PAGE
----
Fun In The Sun

The sun has been shining this weekend, but not soon enough to save the under 13s and under 17s games, and then the under 11s got cancelled as several of Buxton’s team were on holiday. So not much action for our youngsters, but they did get a good training session in on Friday evening, with a well planned session, and plenty of support from our players. 

The weekend saw another double win for firsts and seconds, with Buxton suffering from two good team performances. The firsts had little fuss recording an eight wicket victory, but the seconds was a much more fraught affair. Both openers retired hurt, the senior batsmen failed to apply themselves, and they stumbled to a low total, but a masterful display from Ed Kitchen resulted in a very easy victory. 

The six a side failed to happen last year, with the weather thwarting at least three attempts, but this year it looked like we would get off to a flyer. With no van there were dark clouds on the horizon, but Tommo came good off the pitch even if he continuously declines to do anything on it. Toe came up with an interesting selection of alocholic beverages, with “Zest” not exactly selling like hot cakes. The ginger one was always going to struggle, but the citrus one also failed to sell, perhaps confirming that, at least in terms of the six a side, low alcoholic drinks are not the answer. Budweiser may advertise itself as “King Of Beers”, but it was massively outsold by the more niche Guinness, though at least we shifted many litres of lemonade from the lockers in the visitors changing room that had been there longer than anyone could remember. 

Morrison’s were the supermarket of choice, mainly because of their sale or return policy and the generous 10% staff discount, Tesco please take note, but that almost came to nought as Luke lost his dscount card. Toe will be returning some drinks tomorrow, and also having a word about the out of date orange juice that they tried to foist upon us.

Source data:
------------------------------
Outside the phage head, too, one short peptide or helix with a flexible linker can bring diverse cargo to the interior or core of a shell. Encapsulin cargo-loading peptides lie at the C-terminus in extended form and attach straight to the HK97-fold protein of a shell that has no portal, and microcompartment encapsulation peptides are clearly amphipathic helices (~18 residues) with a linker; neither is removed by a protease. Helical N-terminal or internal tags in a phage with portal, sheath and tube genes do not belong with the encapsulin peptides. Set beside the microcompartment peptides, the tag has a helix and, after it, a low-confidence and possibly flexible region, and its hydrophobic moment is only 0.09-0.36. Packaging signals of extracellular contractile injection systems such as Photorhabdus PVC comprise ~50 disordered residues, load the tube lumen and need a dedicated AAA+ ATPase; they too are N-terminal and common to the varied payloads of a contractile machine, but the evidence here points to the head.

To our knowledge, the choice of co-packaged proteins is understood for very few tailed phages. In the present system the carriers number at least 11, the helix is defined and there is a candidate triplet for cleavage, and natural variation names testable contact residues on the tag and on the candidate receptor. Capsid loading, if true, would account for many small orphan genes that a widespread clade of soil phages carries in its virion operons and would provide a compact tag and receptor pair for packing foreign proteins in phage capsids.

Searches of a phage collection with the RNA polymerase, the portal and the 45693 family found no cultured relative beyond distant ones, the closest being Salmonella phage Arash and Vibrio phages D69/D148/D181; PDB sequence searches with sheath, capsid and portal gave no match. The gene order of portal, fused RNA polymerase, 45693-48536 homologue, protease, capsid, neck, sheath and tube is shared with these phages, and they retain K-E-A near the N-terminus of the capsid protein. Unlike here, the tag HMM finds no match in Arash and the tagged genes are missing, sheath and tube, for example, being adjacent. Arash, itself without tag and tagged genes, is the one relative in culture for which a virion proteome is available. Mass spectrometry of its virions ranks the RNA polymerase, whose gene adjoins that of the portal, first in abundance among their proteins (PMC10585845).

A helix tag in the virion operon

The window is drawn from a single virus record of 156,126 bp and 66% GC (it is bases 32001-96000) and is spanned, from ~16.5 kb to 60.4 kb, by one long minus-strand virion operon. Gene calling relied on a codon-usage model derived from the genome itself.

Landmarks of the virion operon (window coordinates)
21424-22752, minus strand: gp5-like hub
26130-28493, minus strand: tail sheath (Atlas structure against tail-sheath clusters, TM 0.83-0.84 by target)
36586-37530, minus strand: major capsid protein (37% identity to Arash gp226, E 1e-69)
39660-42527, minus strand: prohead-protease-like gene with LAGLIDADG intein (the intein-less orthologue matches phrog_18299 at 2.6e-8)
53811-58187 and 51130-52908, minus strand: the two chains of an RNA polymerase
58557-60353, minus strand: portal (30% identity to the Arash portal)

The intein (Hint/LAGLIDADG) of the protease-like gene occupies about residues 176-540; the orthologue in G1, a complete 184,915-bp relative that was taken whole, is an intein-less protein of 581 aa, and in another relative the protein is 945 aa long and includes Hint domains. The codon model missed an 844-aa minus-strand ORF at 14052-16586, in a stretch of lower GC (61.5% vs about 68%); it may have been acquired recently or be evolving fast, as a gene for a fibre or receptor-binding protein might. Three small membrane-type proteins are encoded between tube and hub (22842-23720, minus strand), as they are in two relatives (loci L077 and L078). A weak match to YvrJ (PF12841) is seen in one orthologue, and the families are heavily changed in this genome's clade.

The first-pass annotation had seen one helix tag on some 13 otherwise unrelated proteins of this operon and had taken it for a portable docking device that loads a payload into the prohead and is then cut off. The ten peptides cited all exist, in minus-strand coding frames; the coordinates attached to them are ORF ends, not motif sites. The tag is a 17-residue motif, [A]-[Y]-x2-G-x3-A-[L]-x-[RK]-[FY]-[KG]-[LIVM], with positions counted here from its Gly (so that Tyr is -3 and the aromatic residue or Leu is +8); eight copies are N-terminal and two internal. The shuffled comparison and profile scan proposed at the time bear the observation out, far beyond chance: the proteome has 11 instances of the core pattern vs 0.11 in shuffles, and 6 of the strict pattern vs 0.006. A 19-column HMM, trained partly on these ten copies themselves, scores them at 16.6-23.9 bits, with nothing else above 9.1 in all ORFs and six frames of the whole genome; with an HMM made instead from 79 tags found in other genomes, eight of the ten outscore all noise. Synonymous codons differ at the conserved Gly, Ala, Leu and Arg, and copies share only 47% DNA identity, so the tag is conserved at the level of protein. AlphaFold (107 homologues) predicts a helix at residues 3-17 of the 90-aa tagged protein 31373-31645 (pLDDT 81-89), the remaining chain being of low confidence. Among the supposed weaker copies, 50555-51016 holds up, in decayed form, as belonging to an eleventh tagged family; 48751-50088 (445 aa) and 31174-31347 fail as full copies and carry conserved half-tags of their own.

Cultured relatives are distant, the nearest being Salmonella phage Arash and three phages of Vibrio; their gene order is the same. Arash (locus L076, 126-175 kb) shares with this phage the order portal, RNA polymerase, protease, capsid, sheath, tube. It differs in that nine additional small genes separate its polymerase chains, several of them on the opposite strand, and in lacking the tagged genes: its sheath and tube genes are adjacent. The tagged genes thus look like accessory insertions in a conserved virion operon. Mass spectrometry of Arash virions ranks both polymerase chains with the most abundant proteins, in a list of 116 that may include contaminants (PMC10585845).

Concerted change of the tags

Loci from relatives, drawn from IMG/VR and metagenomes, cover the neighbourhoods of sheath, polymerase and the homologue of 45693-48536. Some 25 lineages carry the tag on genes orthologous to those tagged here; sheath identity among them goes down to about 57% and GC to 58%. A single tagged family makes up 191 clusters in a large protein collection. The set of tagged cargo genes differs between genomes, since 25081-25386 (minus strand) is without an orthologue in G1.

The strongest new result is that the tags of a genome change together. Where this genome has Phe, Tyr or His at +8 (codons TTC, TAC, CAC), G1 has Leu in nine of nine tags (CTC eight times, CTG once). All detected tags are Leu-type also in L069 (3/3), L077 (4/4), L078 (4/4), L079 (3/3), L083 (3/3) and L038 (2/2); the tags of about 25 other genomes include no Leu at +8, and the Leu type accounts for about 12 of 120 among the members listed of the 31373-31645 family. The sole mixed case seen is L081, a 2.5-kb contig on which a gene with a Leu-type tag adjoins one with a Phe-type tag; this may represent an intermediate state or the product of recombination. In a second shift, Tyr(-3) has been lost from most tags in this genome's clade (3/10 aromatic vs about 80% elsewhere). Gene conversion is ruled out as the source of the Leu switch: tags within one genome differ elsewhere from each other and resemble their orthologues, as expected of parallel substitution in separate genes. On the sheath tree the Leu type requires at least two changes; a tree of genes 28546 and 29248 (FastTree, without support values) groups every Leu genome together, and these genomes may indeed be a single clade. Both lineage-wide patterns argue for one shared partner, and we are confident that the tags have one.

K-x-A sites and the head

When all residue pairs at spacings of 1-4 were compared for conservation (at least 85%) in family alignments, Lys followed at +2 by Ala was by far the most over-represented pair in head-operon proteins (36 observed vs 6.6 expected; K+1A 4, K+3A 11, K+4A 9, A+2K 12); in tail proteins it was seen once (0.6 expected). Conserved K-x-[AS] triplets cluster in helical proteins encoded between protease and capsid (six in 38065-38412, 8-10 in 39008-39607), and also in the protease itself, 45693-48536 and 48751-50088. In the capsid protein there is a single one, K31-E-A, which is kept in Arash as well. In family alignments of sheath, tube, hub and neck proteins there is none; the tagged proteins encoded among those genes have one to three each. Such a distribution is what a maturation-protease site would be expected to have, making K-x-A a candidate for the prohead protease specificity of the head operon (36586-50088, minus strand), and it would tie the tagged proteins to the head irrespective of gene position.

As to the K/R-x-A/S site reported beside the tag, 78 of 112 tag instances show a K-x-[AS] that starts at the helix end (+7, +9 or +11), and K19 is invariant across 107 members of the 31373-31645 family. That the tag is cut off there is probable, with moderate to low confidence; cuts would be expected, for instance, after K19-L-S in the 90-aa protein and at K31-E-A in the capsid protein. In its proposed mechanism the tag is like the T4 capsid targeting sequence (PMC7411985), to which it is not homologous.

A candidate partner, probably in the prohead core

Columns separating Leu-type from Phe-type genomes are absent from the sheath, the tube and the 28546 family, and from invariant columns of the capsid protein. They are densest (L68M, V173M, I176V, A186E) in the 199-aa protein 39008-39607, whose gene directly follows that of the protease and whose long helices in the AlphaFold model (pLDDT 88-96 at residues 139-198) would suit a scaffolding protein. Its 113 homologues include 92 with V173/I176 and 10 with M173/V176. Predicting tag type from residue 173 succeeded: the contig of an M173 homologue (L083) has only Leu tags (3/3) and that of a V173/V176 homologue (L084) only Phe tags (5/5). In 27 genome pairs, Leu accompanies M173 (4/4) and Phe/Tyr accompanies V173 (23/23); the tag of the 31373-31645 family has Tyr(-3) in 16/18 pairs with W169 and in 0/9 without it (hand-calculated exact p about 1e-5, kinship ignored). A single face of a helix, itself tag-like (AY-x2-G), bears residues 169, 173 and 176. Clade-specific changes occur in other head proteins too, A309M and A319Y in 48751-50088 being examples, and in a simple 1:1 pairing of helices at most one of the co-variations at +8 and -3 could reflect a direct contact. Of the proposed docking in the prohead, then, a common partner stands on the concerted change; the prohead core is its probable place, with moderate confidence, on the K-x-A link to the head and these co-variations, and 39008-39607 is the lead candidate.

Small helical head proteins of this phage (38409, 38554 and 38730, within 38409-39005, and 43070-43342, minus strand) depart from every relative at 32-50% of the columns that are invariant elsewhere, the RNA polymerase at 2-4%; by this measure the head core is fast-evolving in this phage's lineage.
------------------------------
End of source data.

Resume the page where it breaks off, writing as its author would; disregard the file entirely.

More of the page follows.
The barbeque also had some unusual comestibles, with burgers that appeared to have cheese somehow infused within them. After a hectic half hour it was difficult to tell the difference, so it was a good thing that there were no dairy intolerances around, though Toe did throw up after a late attack of the barbeque munchies. 

Sarah Heyes and Sally Madden did a marvellous job keeping the hot food coming, ably assisted by myself and Nige Morten amongst others, whilst Sue did a fabulous job in the tuck shop, introducing a woman’s touch accompanied by the ruthless streak inherent in all landladies, and taking over £150. 

Elliot and JJ manned the gate to good effect, whilst Peter Crowley beat off several competitors to win favour with “The Master” and act as his apprentice. Organisation was chaotically magnificent, and when we settled on five teams “The Brain” had brain freeze as he struggled to come to terms with the round robin mathematics that produced 10 games. 

The action was called, as ever, by TR Wild, with Colin Wild meticulously recording every run. The pitch was marvellously prepared by Mr Latham, and the stage was set. From the off, Drum and Monkey were favouries, with some big scores being racked up. Stars of the show, however, were The Goyt, with Captain Ben favouring the reverse sweep at every opportunity. Unfortunately they failed to record a win, and although The Sheps and White Hart A put up good performances, the final was played out between the aforementioned D & M, and the White Hart B team featuring our own John Crowley. Toe and Chris Smith kept the punch a variety of colours throughout, and Eddie Ford and Gibbo battled with some of the most obstinate raffle tickets ever made. Gibbo resorted to scissors, whilst Eddie resorted to curses, as the little green tickets refused to adhere to their perforations. The steady stream of willing umpires was impressive, but it was fitting that the final was overseen by Clayton and MMM. Wickets fell regularly during the Drum and Monkey innings, and they set their opponents just 35 to win. This was never enough, and Bill Sutton struck the winning runs, giving John Crowley a distinct advantage over his mercurial offspring in the cricketing silverware stakes.  

The presentation was a brief affair, with the shield having gone missing some years ago and the trophies bearing the year 2012, but nobody seemed to mind. 

It had been a great day, and we look forward to running another “Event” later in the season.